We’ve got a pine tree that is dying. It may be too shaded behind the Black Locust and Larch trees to the south. It isn’t an unusual variety or specimen and we need timbers to build a chicken coop so, the tree will be coming down. But we need to do it in a way that we don’t destroy other plants, animals, or buildings in the fall radius. To figure out this potential zone of destruction, we need a height estimate and I remember back to a Mr. Wizard’s World segment I watched as a kid (yes, I was a bit of a nerd then, too). I couldn’t find the video clip, but here’s the process.
- Get a pan with a black interior and enough water to cover an inch of the bottom.
- Get a long measuring tape.
- Walk a fair distance from the tree (it doesn’t really matter, but between 1/2 and 3/4 of the tree height is fine).
- Put the pan on the ground and add the water.
- Stand back with the pan between you and the tree. Look in the pan and walk backwards or forwards until you see the top of the tree in the center of the reflective water.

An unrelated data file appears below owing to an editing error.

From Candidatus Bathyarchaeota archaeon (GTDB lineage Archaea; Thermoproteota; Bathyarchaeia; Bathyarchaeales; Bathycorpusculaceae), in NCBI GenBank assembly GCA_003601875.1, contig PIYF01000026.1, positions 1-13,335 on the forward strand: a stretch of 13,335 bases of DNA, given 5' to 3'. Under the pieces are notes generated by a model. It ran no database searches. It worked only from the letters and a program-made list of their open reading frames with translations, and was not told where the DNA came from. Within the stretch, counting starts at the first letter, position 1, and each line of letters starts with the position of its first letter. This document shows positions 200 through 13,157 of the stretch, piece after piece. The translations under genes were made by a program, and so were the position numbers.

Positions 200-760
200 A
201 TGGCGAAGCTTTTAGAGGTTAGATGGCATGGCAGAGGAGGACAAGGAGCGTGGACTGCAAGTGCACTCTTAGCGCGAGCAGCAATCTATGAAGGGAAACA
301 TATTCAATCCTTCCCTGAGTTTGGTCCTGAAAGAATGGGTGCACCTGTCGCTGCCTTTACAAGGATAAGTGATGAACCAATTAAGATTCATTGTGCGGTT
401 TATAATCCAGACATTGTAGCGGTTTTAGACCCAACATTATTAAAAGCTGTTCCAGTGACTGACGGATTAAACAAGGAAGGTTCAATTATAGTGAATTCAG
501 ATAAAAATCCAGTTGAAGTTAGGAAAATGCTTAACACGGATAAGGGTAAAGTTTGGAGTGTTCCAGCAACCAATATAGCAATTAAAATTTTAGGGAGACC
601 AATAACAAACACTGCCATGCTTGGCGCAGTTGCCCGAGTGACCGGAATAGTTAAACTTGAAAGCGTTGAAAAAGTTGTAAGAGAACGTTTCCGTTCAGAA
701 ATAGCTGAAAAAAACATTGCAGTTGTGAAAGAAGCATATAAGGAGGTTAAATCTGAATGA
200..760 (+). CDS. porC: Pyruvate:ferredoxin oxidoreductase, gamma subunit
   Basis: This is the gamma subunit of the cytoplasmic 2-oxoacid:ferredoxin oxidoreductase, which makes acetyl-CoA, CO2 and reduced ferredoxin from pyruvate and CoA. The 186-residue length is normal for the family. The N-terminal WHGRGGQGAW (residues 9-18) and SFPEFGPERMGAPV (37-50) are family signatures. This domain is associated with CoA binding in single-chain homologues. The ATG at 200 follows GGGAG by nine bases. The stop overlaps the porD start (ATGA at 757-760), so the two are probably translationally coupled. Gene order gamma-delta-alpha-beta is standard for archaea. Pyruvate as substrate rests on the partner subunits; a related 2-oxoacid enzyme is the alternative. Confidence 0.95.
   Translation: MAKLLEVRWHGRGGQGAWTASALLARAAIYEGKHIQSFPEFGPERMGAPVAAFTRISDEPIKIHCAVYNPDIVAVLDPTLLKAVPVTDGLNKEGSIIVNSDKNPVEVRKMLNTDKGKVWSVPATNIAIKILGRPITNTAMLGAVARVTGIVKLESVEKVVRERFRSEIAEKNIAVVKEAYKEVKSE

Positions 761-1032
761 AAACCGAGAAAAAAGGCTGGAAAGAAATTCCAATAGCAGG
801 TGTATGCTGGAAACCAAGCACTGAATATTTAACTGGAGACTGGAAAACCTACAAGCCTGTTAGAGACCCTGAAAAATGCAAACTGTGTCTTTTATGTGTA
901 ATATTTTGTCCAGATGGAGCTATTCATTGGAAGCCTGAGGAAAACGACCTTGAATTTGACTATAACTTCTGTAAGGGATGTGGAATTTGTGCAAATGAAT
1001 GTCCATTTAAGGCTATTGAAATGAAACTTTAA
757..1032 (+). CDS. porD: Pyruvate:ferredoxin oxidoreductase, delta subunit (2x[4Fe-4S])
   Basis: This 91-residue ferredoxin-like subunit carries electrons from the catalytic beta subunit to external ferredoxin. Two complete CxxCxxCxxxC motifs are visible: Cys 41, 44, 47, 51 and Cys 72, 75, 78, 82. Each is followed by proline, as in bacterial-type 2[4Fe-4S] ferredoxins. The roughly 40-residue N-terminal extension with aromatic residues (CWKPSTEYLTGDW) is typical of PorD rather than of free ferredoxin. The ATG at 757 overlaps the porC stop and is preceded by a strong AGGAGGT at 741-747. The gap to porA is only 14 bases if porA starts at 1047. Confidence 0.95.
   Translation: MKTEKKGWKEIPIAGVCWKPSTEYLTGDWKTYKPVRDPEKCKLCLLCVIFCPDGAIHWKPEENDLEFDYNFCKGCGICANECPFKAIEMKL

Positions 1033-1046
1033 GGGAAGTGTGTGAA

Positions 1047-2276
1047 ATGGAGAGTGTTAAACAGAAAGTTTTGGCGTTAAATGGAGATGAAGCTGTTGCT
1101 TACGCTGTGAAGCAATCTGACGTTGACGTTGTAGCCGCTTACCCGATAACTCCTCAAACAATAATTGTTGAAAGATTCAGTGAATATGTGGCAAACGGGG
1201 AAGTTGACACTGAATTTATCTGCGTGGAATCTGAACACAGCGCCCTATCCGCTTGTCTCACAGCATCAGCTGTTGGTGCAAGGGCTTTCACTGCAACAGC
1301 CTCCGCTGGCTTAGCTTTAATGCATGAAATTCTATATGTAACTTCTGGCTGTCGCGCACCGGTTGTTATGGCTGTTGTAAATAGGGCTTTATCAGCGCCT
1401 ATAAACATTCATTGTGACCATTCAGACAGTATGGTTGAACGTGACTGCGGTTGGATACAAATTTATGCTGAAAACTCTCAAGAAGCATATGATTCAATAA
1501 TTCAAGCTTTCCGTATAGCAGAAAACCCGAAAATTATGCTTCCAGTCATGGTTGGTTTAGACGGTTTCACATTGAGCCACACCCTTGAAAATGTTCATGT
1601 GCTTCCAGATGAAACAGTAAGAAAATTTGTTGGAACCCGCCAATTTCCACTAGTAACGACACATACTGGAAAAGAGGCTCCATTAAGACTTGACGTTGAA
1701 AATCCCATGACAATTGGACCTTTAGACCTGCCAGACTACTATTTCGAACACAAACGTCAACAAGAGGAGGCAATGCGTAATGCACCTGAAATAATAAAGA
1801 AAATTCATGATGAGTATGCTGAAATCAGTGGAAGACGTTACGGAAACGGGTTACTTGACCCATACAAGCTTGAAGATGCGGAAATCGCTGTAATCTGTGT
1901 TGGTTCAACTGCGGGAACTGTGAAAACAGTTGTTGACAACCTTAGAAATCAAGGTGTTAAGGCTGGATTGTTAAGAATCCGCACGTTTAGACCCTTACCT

- Measure the distance between your toes and the center of the pan (variable b). Measure the distance from the ground to your eyes (variable a). Measure the distance from the tree to the center of the pan (variable y).
- Plug the distances into the following formula: (a/b)×y=x, where x is tree height.
This works because you’re making two similar triangles. I mean “similar” in the geometric sense: as all the angles are the same, the lengths of the sides are proportional to one another. The length to the pan and height of the tree are proportional to the length to the pan and the height of your eye.
In my case, the pan was 43′ from the tree and 3′ from my toes. My eyes were 5.5′ high, meaning the tree should be about 79′ tall. I’ll report back on the height once it is down and I can measure it directly.
You can also estimate the tree height with a yardstick, as outlined in the following video.
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